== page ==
May 29, 2009

Multigrain Seed Rolls


I remember reading about someone saying that "Some multigrain bread is better suited to propping open a door than making a sandwich"! My one and only attempt at baking multigrain bread seemed to, more or less, prove this theory.
Then Rachel of Tangerine's Kitchen announced she was hosting this month's Bread Baking Day themed "wholegrain bread"! I have been otherwise busy for most of this month and I didn't really want to complicate things with a wholegrain bread experiment which I was almost sure wouldn't turn out right.

But it was BBD and a good friend was hosting it, so I found the time to bake some wholegrain bread. While this attempt didn't produce a doorstop, but a reasonably moist if slightly dense loaf, it tasted awful. And I am not doing full justice to the bread when I say "awful"!!

I followed a recipe (accompanied by a temptingly beautiful picture) I found on the net that used cracked wheat, oats, corn and powdered flax seed. I'm not sure where things went wrong but I'll just wrap up this experience by mentioning that the bread went into the bin.
Not only was my multigrain bread a fiasco, I also felt terrible wasting food.





I do like multigrain bread, but there's not much point in making something that no one else (read my husband and daughter) wants to eat, even though it's healthy. But being the eternal optimist I am, I was sure there had to be a recipe somewhere for baking multigrain bread that tasted good. And third time is supposed to be lucky, I've heard.

So I played safe (better safe than sorry, I thought) and tried out these rolls (well, two grains and a third grain flour counts for multigrain, doesn't it?) which I slightly adapted from this Multigrain Bread and this post contains my version.




I am happy to report that these rolls were very soft and tasty (and healthy too), totally unlike what I have come to expect wholegrain bread to be. I had this concept of a more dense and slightly heavy bread whenever multigrain bread is mentioned.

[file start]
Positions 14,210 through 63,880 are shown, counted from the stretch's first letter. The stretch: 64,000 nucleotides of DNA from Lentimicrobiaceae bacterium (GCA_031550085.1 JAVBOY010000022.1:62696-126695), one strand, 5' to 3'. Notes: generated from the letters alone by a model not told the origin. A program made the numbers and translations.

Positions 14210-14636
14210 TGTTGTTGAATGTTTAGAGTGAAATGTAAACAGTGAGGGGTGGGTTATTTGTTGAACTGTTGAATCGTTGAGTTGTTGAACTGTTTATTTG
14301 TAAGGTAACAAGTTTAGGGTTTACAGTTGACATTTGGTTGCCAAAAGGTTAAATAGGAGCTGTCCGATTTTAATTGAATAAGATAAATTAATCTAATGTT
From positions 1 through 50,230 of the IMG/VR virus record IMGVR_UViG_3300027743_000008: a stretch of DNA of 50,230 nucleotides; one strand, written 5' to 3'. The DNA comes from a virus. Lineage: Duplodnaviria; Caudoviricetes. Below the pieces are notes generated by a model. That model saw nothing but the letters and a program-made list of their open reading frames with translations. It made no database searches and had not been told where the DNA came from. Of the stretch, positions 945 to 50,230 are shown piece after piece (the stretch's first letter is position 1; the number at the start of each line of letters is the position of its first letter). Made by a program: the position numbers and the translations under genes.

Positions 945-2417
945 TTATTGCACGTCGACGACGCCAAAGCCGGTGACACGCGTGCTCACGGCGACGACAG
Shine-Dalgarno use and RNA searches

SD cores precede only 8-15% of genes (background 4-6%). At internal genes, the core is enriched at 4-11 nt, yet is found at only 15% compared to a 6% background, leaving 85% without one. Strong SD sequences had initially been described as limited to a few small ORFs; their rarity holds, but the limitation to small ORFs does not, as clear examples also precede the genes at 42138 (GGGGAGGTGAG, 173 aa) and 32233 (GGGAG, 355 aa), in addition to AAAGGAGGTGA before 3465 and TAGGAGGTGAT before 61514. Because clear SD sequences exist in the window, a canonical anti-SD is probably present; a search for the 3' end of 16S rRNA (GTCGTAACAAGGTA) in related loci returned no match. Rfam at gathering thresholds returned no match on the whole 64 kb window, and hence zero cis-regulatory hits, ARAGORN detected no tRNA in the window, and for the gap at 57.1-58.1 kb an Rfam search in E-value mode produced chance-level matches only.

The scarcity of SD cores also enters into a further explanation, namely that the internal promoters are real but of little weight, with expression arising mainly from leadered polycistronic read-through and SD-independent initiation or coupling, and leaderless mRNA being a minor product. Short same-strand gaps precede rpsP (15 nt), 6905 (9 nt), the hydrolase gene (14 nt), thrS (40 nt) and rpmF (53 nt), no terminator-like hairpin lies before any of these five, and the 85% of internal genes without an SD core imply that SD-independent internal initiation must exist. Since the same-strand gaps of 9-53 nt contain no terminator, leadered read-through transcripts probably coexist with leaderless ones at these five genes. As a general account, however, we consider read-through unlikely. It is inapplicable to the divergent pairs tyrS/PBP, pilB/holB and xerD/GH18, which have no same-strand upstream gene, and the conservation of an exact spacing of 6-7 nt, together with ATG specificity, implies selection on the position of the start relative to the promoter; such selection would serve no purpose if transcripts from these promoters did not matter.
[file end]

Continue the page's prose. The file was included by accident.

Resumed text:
Ingredients:

1/2 cup water, warm
2 tbsp honey
1 tbsp active dry yeast*
1/2 cup milk
1 cup all purpose flour, maybe a little more if necessary
1 cup whole wheat flour
1/2 cup cornmeal
1/2 cup rolled oats
3 tbsp oil
3/4 tsp salt
1 1/2 tsp melon seeds
1 1/2 tsp flax seeds

*My sister had brought me some yeast from the U.S., which said "especially for whole grain flours" on the sachet.


Method:

Mix the honey in the warm water, and dissolve the yeast in it and allow it to proof (about 5 to 10 minutes).
Soak the rolled oats in the milk and keep aside for about 15 minutes
Put all remaining dry ingredients in a food processor bowl and pulse a couple of times to blend well. This can be done by hand too, if you prefer.

(I usually do this in the processor but the lid of my processor bowl cracked and is still in the process of being replaced. So my daughter stepped in and helped out with the kneading this time.)
Add the oil, oat-milk mixture and the yeast mixture and pulse (or knead) until the dough just comes together as a rough ball. Now scrape the dough out onto a lightly floured work surface and add the seeds.

Knead a few times, adding flour 1 tablespoon at a time if dough is too sticky to work with. Knead till the dough is smooth yet very slightly sticky yet manageable. Shape into a ball.
Place the dough in an oiled bowl, cover and allow to rise till double in volume (about an hour or so).

Now deflate the dough by pressing and pushing with your wrist and fold the dough over on itself a few times and allow to rise again, for about 1/2 an hour.
Take the dough and flatten it slightly to remove any air bubbles and divide it into 6 (or 8 for smaller rolls) portions. Shape into rolls (this dough lent itself to decoratively shaping the rolls). If you prefer, you can shape this dough into plain rolls or even one single loaf.

Place on a baking sheet dusted with cornmeal. Cover with a damp cloth and allow to rise till double. If you have made plain rolls or a loaf, you might like to slash them decoratively, using a sharp knife, at this point. Just ensure they don't get deflated while slashing.
Bake the rolls at 190C for about 40 minutes or till the rolls sound hollow when tapped.